Surgical Guides & Your Liability

I think that with todays computer guided surgeries, we are seeing some amazing results. In fact, with the high success rates of these cases, and the ability to anticipate and pre-plan bone augmentation, sinus grafting, tissue modeling and even the simplified incorporation of zygomatic implants, computer guided implantology is rapidly becoming the standard of care. Practitioners can even download free planning and surgical guide software off the internet, so cost is no excuse.


The thing I find frightening is the number of labs who are fabricating model based surgical guides without the benefit of a CT Scan, or any other way of identifying and avoiding anatomical interference from adjacent root tips to the inferior alveolar nerve, or peforating the buccal plate due to angulation problems.


I think labs who are doing this kind of thing, are facing some serious issues when and if these cases go bad. A California Jury recently awarded 1.7 million dollars for a botched implant case where cone beam imaging could have avoided injury. What lessons do you think the insurance industry learned from the painful mistake?


Ask yourself a few questions if you are doing these guides. How will you answer these questions if you are drug into the lawsuit by an overzealous attorney working for the patient (and possibly the dentists' malpractice company):


  • Were you competent to manufacture this guide?
  • Even though the doctor asked you to make it, what made you feel qualified to accept the challenge? Were you given all the information you needed and did you ask for more?
  • Have you got documentation of your specialized education and experience in this area?   
  • Does the manufacture of this device require FDA registration?
  • Is your lab FDA GMP Compliant?
  • Did a competent authority (besides the defendant in the case) review your design?
  • Will your product liability insurance cover this product, or are you in violation of the policy?
  • Do you need professional liability in addition to your product liability insurance?

The work we are doing is much more sophisticated and technically challenging than the work we were doing just a few short years ago, and the dental technician performing these particular tasks and others like them need a whole new level of skill sets.


Please note that when a customer orders a surgical guide from Nobelbiocare and Simplant, they are signing a release that protects that manufacturer from any liability involving the use of that guide. What contractual protection do YOU have?


A case like this gone bad could cause you more grief that you'll ever know. Not only could it put you out of business, it could put your family out of their home, and could leave you owing a nondismissable debt to a patient and their attorney.


If you think all the responsibility lies with the dentist, please understand that when you started making surgical guides, you crossed over into a whole new world where fitness for use isn't measured with contact paper and an explorer.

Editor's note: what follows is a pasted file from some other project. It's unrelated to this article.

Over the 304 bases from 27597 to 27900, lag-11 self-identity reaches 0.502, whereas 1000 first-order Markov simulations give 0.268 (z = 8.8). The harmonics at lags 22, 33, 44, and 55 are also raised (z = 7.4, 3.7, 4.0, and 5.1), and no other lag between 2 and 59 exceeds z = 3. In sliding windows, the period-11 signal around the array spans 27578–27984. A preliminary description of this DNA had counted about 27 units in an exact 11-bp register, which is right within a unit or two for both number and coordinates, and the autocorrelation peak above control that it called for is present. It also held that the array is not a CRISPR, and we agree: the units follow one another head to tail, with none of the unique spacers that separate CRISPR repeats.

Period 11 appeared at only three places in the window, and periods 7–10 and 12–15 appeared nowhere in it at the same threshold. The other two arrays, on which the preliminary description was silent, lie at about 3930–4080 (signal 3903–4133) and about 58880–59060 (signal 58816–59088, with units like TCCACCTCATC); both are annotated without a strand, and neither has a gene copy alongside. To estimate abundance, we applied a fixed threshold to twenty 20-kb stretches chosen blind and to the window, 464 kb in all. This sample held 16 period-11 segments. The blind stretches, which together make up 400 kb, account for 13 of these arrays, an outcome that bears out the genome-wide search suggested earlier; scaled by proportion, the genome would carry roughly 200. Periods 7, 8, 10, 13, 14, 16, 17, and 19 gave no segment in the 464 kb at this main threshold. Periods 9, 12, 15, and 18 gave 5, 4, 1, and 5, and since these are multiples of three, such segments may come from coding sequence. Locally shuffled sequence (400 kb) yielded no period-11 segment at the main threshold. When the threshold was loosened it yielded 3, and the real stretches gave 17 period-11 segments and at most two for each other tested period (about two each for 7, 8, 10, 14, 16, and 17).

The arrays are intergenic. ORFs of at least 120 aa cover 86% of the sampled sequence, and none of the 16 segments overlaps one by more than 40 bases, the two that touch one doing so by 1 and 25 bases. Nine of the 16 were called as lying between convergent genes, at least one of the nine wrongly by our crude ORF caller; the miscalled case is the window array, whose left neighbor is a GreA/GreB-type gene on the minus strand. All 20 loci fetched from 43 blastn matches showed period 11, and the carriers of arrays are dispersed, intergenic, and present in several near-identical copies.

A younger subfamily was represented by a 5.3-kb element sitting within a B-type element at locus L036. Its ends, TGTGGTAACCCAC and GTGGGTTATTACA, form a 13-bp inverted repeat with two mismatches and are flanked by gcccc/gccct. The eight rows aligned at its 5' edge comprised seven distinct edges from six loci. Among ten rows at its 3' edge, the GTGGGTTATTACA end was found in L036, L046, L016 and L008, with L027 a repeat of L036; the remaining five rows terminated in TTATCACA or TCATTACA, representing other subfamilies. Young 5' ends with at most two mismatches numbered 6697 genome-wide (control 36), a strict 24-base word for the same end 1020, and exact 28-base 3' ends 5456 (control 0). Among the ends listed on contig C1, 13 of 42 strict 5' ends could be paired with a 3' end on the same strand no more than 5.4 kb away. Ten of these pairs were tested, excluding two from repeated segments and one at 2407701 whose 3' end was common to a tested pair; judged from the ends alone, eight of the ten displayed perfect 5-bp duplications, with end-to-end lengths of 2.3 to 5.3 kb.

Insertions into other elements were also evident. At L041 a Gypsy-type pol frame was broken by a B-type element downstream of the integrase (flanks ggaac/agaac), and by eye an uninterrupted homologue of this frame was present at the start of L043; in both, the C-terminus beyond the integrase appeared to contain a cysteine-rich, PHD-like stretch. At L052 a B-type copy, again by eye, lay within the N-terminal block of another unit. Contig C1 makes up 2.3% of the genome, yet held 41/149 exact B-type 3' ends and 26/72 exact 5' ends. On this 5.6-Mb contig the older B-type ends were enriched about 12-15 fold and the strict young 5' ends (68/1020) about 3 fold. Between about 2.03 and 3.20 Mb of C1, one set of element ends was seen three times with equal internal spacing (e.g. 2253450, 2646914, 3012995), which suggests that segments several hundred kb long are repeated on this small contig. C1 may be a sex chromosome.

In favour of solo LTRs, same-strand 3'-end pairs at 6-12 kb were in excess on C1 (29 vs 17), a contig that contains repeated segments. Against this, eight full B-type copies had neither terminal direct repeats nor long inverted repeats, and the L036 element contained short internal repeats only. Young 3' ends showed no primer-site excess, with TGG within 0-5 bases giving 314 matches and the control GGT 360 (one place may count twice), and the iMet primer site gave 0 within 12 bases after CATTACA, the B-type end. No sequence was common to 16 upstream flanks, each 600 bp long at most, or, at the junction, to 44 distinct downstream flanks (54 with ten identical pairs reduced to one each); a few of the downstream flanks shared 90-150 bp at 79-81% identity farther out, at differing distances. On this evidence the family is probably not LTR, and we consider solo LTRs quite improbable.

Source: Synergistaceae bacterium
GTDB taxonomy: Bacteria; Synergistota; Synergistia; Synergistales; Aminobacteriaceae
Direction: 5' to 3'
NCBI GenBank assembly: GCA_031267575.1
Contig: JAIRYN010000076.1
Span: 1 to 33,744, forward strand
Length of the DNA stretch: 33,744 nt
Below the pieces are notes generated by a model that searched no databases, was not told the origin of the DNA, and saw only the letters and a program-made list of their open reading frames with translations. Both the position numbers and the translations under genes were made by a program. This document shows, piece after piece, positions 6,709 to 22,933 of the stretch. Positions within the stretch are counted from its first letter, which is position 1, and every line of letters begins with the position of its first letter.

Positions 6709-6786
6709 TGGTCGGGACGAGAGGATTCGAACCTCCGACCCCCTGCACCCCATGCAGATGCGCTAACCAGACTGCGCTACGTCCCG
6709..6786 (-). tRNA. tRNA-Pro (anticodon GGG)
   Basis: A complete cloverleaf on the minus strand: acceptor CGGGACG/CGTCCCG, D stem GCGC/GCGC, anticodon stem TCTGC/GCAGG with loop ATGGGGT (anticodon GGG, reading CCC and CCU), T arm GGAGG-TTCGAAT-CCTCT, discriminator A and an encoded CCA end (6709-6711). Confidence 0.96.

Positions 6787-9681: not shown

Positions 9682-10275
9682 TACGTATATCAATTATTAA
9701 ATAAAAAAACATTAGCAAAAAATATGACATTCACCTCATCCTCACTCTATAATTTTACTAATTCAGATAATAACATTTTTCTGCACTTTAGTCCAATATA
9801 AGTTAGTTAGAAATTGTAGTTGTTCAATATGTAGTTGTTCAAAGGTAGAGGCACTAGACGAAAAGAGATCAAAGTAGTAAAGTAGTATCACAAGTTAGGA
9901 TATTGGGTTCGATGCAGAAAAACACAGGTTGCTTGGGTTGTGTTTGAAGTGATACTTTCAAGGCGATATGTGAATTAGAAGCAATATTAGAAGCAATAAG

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  • The dentists insurance company would love to hang the responsibility on the lab, and the plaintiffs attorney will be looking for the deepest pockets, and these days, as labs run towards bigger and bigger operations, our pocketbook is looking better and better to them. It's the perfect storm.

    Glad to hear you are buttoning things up John. Smart move. Our customer agreement went from over 14,000 words to close to 20,000, and we had our product liabilityt insurance policy rewritten to cover this. We also added a professional liability policy and a patient release when the surgical guide originates from a scan taken with our cone beam unit. Expensive as you said, but well worth the cost.

    I would also make sure you are FDA compliant, as that is another huge liability, and will certainly be used against you.
  • Really good points Mark,

    Ironically we are working with an attorney now drawing up a disclaimer for the surgical guides we fabricate in my laboratory. It certainly is a slippery slope and costly as well

    Often times we underestimate the actual scope of the procedure we are actually performing in the lab. It is certainly easy to fall back on the belief that we are just filling orders and are sheltered from any prosecution. Labs need to realize in this litigious society we live in there are no get out of jail free cards. Certain procedures need to have more information than we often receive. Documenting this and having a policy in place is one way to let me sleep better at night.

    Nice to see you here.
  • Thanks Mark,

    Excellent post and information!
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